http://www.amazon.com/Oshlun-LG-M01-Miter-Portable-Laser/dp/B002PMV4UG/ref=sr_1_2?ie=UTF8&qid=1320857532&sr=8-2

http://www.amazon.com/Irwin-Industrial-Tools-3061001-Miter/dp/B0009XYN4M/ref=sr_1_1?ie=UTF8&qid=1320857567&sr=8-1

http://www.woodcraft.com/Product/2005467/16149/Laser-Guide-For-Miter-Saws.aspx

 

bummer with these is you need to have the saw on to see the line so you need to give the saw a burst to see the line then wait for it to stop to do your fine adjustment... the newer integrated lasers are such you can turn on w/o the blade turning. but the spinning laser does the safety trick of putting that red line where if a finger is there you will get even more red...

 

so much easier on a table saw, especially if you throw a straight edge across the blade and stock! but for cross cuts of stuff over 1' long on larger stock i usually find its easier to do on the chop saw. longer stuff runs the risk of moving on the sliding fence while cutting on a table saw. a sled on the table saw does help, but mine is a monster and not easy to move around so only dig it out on larger projects...

 

cheers

 

jeff

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Martijn Meerts

I believe the one I've got on order has a light built in as well. (It's a German brand, they're good at adding useful little things to make work easier :))

 

Once I get it, I'll post about how it all works.

 

...

 

.. If I can still type ;)

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Martijn Meerts

Finally some stuff got done :)

 

I don't have any pictures yet, will try to shoot some soon. The saw got delayed several times, but eventually I go it just before christmas. Didn't get around to doing much with it due to absolutely crappy weather though.

 

Anyway, 3 out of 4 module/section boxes are now done. They need some slight adjustment to make some things fit better, it seems that even at the local hardware store they can't saw straight cuts :)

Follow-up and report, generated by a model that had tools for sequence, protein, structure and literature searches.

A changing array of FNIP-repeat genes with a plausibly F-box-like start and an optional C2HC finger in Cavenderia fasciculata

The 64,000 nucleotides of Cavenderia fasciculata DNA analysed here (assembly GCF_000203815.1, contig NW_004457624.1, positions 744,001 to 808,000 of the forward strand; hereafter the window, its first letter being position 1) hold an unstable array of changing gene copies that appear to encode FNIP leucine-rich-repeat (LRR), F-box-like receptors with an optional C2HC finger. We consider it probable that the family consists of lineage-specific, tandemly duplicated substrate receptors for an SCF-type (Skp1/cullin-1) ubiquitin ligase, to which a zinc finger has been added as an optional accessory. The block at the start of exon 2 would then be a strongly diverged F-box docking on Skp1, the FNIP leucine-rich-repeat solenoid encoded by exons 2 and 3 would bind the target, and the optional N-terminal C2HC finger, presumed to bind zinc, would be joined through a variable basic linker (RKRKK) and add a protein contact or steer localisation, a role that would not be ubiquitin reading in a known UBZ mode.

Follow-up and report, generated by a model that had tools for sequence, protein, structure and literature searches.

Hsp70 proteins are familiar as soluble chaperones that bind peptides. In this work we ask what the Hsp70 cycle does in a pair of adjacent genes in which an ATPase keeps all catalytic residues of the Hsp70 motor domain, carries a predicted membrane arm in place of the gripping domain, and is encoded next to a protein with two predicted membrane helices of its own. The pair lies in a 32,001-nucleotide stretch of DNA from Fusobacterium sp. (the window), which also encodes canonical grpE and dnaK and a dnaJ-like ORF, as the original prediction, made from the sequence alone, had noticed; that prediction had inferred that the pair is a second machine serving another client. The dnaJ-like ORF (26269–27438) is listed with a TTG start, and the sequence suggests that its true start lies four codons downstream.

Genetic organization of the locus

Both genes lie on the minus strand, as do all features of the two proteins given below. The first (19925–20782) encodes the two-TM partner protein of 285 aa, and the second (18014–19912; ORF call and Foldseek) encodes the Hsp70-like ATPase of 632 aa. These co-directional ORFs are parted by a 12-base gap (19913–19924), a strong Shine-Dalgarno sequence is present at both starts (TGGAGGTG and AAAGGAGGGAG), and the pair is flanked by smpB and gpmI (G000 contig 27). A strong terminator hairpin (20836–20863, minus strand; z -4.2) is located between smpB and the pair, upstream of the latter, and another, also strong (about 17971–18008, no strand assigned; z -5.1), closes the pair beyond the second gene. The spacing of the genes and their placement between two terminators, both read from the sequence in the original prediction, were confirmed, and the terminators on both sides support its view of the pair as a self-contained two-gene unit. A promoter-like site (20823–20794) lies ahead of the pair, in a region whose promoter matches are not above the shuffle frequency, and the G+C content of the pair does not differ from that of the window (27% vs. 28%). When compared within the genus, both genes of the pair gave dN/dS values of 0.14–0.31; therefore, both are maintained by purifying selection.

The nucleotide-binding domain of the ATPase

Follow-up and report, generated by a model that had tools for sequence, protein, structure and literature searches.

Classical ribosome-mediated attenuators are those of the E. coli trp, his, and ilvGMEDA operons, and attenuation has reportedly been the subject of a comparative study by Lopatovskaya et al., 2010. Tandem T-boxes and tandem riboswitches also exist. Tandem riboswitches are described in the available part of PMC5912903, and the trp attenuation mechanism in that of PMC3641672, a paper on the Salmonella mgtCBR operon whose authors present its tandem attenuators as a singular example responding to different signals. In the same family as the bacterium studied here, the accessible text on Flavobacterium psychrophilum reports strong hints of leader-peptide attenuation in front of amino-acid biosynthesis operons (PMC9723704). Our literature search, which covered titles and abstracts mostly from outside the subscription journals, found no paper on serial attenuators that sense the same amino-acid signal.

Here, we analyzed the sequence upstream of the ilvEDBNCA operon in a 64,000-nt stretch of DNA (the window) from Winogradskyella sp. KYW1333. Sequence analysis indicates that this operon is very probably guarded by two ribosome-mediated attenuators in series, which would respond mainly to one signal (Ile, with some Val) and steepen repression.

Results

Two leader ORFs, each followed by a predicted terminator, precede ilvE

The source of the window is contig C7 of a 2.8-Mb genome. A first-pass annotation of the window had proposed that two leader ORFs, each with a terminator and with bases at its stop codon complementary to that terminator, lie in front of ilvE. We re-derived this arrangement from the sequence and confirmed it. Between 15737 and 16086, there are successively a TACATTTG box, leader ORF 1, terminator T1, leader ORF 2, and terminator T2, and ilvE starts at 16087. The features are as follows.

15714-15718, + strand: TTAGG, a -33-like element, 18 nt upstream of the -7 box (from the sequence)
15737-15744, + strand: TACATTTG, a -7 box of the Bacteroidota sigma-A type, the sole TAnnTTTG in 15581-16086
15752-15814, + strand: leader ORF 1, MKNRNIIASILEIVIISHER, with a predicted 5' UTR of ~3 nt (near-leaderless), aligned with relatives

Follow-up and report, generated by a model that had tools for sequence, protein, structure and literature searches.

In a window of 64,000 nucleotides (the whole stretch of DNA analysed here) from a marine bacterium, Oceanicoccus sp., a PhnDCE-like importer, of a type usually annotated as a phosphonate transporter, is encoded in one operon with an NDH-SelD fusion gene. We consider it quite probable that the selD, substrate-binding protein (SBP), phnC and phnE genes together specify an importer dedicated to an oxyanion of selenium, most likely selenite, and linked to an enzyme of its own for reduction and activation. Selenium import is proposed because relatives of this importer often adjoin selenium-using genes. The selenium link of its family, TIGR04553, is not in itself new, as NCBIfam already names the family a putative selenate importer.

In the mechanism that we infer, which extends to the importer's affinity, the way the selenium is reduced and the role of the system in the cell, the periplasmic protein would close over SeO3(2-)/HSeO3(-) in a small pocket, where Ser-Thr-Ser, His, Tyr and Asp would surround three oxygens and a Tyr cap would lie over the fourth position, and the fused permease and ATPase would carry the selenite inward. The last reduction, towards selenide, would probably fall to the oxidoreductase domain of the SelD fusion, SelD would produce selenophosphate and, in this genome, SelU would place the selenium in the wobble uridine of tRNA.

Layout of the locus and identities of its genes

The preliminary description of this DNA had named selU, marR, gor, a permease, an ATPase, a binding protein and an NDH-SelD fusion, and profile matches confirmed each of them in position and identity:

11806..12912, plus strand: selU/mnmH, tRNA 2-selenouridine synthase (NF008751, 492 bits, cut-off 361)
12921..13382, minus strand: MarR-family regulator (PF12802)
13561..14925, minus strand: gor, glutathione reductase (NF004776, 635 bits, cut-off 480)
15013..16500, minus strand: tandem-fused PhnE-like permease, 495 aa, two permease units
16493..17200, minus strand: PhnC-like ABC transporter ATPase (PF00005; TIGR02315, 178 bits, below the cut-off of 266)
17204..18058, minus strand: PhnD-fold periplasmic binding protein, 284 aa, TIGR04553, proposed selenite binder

Ordered the rest of the necessary turnouts as well as a whole bunch of flex track, not sure when that'll arrive though. The store said they had it all in stock, but might not be able to send it because they're preparing for the large toy fair in Nuernberg (I think) which is this weekend. Gives me some time to finish the 4th module box though, and then sand the cork layer down slightly to make it less rough, as well as paint the bit where the track will be black.

 

Even though the yard will be hidden, I'm going to ballast (and probably detail) the whole thing, partially for practice, and partially because I want it to be scenic'ed so I can take it to shows should I want to. Before I can start ballasting though, I need to adjust and wire all turnouts for looks and optimal running, which means cutting away some bits, adding some bits and soldering a total of 5 feeder wires per turnout, as well as isolating the frog. Not all of that is necessary, but I want them to be as reliable as possible, because replacing them isn't going to be easy :)

 

Also need to figure out exactly how to divide some of the tracks, as I want some tracks to be able to hold multiple shorter trains.

 

This whole thing is definitely still a long way off from being done, which sucks, because I want to fill it with trains =)

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Densha

The store said they had it all in stock, but might not be able to send it because they're preparing for the large toy fair in Nuernberg (I think) which is this weekend.

Perhaps ordered at MTE? :grin

 

This whole thing is definitely still a long way off from being done, which sucks, because I want to fill it with trains =)

I'm looking forward to that too! :cheesy